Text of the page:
Keep in mind that after the auctions, these pieces pass into private collections never to be seen again. I’ll mix the sublime with the hideous. I welcome your debate and disagreement. You can click on these for detail.

I’ll start off with a genuine treasure. Even though some people find the Impressionists pedestrian, I think we can all agree that their work is important and deserves respect. And, seriously, who wouldn’t want a Monet in their dining room?

Claude Monet
Estimate: $30,000,000 – $50,000,000
Sold for $33,850,000


I was not a fan of Cubism until just a couple of years ago when I had it explained to me via an audio guide at a Cubism exhibit at the Met. Now I enjoy it. Always get the audio guide.

Georges Braque
Le Violon
Estimate: $12,000,000 – $18,000,000
Sold for $8,202,000


Do you know what I love about this piece? One of the materials Braque used was sand. It gives the piece a fantastic earthy quality.


Here’s another guy who people pay a lot of cash for but is considered to be marginally talented by others. Margaret Thatcher called him “that horrible man.” That’s good enough for me. I like him.

Francis Bacon
Man With Arm Raised
Estimate: $8,000,000 – $12,000,000
Sold for $10,330,000


This one is my favorite. It’s the perfect case-in-point for just how pretentious art can get. The auction catalog uses flowery language like “a shimmering arrangement of color” and “rivers of shimmering, sparkly color.”


This is part of the artist’s “spilled candy” series. I’ve included the lot description in the estimate.

Felix Gonzalez-Torres
Untitled (LA)
Green candies individually wrapped in cellophane, endless supply. Overall dimensions vary with installation.
Estimate: $5,000,000 – $7,000,000
Sold for $7,669,000


Here’s a double header. I like both of these guys but am surprised at the valuation on the Warhol. Do you know how many of those flower silk screens he did? TONS! And I love Oldenburg’s work. I’ll bet a lot of you young punks have never seen one of those typing erasers. Now we use a delete key. I love how this photo turned out.

Andy Warhol
Late Four-Foot Flowers
Estimate: $8,000,000 – $12,000,000
Did Not Sell

Claes Oldenburg
Typewriter Eraser
Estimate: $500,000 – $700,000
Sold for $1,085,000


They made a big deal out of this piece. It was mounted in a prominent place in the gallery and the estimate wasn’t made public. I have no idea who this is. Do you? I thought I knew quite a lot but it turns out I don’t know SQUAT. It’s big. You’d need a big wall to hang it on.

Lucio Fontana
Concetto Spaziale, La fine di Dio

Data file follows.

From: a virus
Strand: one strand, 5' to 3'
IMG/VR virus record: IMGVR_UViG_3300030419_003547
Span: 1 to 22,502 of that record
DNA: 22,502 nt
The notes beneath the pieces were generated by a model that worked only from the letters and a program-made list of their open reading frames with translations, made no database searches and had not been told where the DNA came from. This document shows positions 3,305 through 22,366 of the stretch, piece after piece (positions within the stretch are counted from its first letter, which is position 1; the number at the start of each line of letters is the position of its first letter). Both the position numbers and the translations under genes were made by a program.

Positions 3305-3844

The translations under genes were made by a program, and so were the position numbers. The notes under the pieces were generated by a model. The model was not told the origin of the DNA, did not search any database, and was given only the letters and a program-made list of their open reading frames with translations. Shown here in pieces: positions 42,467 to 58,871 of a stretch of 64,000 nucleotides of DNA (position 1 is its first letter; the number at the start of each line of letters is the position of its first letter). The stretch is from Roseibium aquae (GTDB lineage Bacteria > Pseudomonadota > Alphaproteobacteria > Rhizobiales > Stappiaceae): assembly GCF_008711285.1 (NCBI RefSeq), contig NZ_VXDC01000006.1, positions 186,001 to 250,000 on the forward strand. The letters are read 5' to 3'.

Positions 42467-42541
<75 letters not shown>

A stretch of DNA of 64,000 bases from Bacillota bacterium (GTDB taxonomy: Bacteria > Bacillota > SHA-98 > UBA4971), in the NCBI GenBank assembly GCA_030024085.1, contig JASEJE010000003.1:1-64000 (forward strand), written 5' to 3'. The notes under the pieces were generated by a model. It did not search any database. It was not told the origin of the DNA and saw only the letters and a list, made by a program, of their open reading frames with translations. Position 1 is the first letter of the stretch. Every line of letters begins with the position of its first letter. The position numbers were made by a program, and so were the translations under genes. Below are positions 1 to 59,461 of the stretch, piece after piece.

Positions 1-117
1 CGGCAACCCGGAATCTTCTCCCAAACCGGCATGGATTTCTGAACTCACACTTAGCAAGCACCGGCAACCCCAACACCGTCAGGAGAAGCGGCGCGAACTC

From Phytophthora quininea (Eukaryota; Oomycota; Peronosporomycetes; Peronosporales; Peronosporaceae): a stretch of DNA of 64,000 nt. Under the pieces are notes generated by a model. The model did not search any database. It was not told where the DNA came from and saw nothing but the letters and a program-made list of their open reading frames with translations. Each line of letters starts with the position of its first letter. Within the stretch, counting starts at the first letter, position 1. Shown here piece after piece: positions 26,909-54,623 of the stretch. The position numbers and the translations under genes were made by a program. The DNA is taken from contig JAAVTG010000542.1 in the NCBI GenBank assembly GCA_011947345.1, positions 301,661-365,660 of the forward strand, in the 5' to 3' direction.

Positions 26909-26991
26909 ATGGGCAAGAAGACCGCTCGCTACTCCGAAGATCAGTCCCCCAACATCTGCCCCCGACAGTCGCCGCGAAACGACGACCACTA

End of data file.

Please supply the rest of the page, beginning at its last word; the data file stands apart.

Estimate on Request
Sold for $29,173,000


Mmmmmm. Bacon. They’re studies for portraits. Wouldn’t it be awesome if you met the subjects and their faces were actually all fucked-up like that?

Francis Bacon
Two Studies for Portrait
Estimate: $12,000,000 – $18,000,000
Did Not Sell

bacon_two studies

Here’s a nice break from all the silliness. I’m not saying it’s worth what it sold for—hell, NONE of these are worth what they sold for—but you can almost understand the point. This was one of the real blockbusters. I took a close-up and am using it as a screen saver on my phone. It’s thick and juicy.

Vincent Van Gogh
Paysage Sous un Ciel Mouvement
Estimate: $50,000,000 – $70,000,000
Sold for $54,010,000

van gogh

Just look at her. Isn’t she spectacular? Her erotic submissive pose knocks me out. This was painted in 1917. Don’t you imagine people back then being reserved and sedate? Not everyone, apparently.

Amedeo Modigliani
Nu Couché
Estimate on Request
Sold for a Whopping $170,405,000

modigliani_nu coche

Like Jeff Koons, my feelings about Lichtenstein have vacillated throughout the years. Today, I like him. Next year? Check back with me. This nurse painting is considered a high point in his career.

Roy Lichtenstein
Estimate on Request
Sold for $95,365,000


Here’s a abject lesson in limitation and availability. Contrast the price realized for Nurse with this one.

Roy Lichtenstein
Crying Girl
Estimate: $7,000,000 – $9,000,000
Sold for $13,381,000

lichtenstein_crying girl

Both works were executed in 1964. The difference is that Crying Girl is the fourth in an edition of five. There’s only one Nurse. From a purely aesthetic standpoint, I’d much rather hang Crying Girl.

Do you know how some people say contemporary art is garbage? From the lot description:

“Accumulation of studio refuse in Plexiglas box with lid.”

Ah! WITH the lid! That explains it. Poubelle is French for trash bin.

Grande Poubelle
Estimate: $100,000 – $150,000
Did Not Sell. Perhaps there’s hope for the art world after all.


There were some pretty decent offerings by Picasso. If he’s your guy, this was your big chance. This is the cliche Picasso style depicted when someone wants to make fun of his work. Years ago, my brother explained what Pablo was up to and that lesson stuck with me. I see it.

Pablo Picasso
Femme Assise sue une Chaise
Estimate: $25,000,000 – $35,000,000
Sold for $20,074,000


This is a harsh little Picasso. It’s awash in the colors and stylings of Picasso’s Spain. He looks like he’s sporting Orthadox Jewish Payot but I don’t think that was Pablo’s intent.